Michigan’s Legislature Makes Renewable Energy Goals a Reality


Governor Gretchen Whitmer introduced Michigan’s Healthy Climate Plan in April 2022, boldly targeting 60% of the State’s power being derived from renewables by 2030, including a 50% renewable energy standard for utilities. However, Michigan’s renewable energy goals are no longer just ambition; they are now a reality with the recent passage of renewable-friendly legislation. The package of bills (SB 271, SB 273, SB 277, SB 502, SB 519) that have cleared the Legislature, and now await the Governor’s signature to become law, do several things to advance Michigan’s clean energy goals including:

This package of bills, being called the “Clean Energy Future Plan,” represents a momentous change in Michigan’s energy law. With the Governor expected to sign these bills in the near future, Michigan will soon join other states committed to a 100% clean energy standard. 

State Siting of Renewables in Michigan

In conjunction with the Clean Energy Future Bills, the Michigan Legislature also recently passed House Bill (HB) 5120 and HB 5121, two bills that would streamline the permitting process for renewable energy projects, making them easier to be built in Michigan. Specifically, these bills allow utility-scale wind, solar, and storage facilities to be approved by Michigan’s Public Service Commission (MPSC). Currently, local municipalities (often rural townships) are tasked with permitting utility-scale renewable energy projects in Michigan. Renewable energy developers have often been met with ardent opposition from local municipalities.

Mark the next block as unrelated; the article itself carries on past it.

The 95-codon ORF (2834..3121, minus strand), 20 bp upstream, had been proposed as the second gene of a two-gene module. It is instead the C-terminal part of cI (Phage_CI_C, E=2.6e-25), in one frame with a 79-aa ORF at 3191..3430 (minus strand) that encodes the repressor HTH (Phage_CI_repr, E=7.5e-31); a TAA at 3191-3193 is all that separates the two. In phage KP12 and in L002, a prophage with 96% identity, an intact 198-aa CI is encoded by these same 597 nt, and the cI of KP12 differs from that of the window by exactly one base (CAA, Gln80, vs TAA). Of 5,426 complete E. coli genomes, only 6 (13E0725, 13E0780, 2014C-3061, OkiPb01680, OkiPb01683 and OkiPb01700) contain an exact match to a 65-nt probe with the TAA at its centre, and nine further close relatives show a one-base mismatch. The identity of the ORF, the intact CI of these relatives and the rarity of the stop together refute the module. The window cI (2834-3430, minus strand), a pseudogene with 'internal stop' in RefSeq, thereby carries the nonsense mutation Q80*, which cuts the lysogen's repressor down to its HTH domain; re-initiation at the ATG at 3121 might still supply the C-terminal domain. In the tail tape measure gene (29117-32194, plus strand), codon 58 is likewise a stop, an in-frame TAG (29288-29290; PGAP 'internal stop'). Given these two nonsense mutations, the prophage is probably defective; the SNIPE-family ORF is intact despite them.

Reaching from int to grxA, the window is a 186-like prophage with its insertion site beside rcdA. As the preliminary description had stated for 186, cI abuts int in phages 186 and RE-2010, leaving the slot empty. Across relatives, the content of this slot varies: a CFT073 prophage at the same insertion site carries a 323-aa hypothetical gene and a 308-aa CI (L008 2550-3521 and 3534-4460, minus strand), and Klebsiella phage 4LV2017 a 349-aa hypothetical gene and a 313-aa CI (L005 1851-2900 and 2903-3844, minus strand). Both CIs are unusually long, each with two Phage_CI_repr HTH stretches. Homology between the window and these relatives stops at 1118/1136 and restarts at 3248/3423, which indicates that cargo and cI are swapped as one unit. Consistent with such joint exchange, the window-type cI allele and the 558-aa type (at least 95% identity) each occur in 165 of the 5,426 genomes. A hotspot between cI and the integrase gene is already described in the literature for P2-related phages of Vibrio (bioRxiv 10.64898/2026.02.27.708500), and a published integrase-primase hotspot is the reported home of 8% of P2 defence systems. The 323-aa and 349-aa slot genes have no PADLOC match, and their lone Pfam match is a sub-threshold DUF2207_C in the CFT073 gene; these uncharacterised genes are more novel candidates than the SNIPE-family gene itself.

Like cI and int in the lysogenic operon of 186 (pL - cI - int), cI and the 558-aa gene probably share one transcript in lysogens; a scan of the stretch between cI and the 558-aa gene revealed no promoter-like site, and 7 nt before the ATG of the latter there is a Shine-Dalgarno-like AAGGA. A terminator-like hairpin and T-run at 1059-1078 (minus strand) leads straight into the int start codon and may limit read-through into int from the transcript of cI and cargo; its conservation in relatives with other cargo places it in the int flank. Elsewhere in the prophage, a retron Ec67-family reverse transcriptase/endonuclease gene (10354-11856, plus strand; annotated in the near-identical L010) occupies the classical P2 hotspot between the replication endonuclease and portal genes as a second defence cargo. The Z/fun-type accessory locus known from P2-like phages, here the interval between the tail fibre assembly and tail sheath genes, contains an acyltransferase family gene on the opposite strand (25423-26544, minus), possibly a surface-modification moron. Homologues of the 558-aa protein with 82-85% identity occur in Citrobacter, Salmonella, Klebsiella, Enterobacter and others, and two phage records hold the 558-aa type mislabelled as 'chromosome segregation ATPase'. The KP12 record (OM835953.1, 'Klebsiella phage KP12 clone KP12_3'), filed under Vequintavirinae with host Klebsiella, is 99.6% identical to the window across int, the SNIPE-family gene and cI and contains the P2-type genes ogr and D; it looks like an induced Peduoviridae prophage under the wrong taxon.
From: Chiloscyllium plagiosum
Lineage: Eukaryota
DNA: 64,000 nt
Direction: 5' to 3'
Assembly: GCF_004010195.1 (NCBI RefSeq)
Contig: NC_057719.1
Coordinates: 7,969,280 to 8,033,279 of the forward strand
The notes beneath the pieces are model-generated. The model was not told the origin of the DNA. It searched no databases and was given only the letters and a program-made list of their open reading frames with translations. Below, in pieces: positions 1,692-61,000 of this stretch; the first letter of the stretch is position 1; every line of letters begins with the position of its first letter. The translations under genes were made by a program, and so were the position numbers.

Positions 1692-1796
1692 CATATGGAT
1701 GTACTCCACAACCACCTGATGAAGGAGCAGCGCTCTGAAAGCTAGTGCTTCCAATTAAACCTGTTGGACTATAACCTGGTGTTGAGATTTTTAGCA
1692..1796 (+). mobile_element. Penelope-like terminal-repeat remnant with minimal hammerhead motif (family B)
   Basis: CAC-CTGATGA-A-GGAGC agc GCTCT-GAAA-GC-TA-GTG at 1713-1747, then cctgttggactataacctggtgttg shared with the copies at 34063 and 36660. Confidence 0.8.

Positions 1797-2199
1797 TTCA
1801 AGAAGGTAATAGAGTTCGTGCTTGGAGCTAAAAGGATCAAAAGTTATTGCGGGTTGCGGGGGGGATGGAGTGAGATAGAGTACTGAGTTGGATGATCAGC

These new bills provide three key changes that will give developers a much needed reprieve from the permitting obstacles at the local level: (1) the MPSC will have authority over wind projects generating more than 100 megawatts, and solar and battery storage projects generating more than 50 megawatts (unless a local municipality adopts an ordinance that is not more restrictive than HB 5120’s mandates and timely approves compliant applications); (2) local municipalities will not be able to enact moratoria to stall renewable energy projects; and (3) Section 7 of HB 5121 (which is tie-barred to HB 5120) allows projects already approved by a municipality between 2021 and the Bill’s enactment to be a nonconforming use that is grandfathered in, so long as a developer has spent a certain amount of money on the project’s construction costs, or obtains “substantial construction.” This last development serves as a backstop for developers that have already put money into an approved project and a municipality seeks to subsequently amend its zoning ordinance.

Because HB 5120 explicitly contains an effective date, it will take effect one year from the Governor’s signature. Conversely, because HB 5121 has no explicit effective date, and has not been given immediate effect by a two-thirds vote of the Legislature, it will take effect 90 days after the Legislature adjourns sine die, which took place on November 14, 2023.  As a result, HB 5121 should take effect around February 12, 2024.


© 2024 Varnum LLP
National Law Review, Volumess XIII, Number 320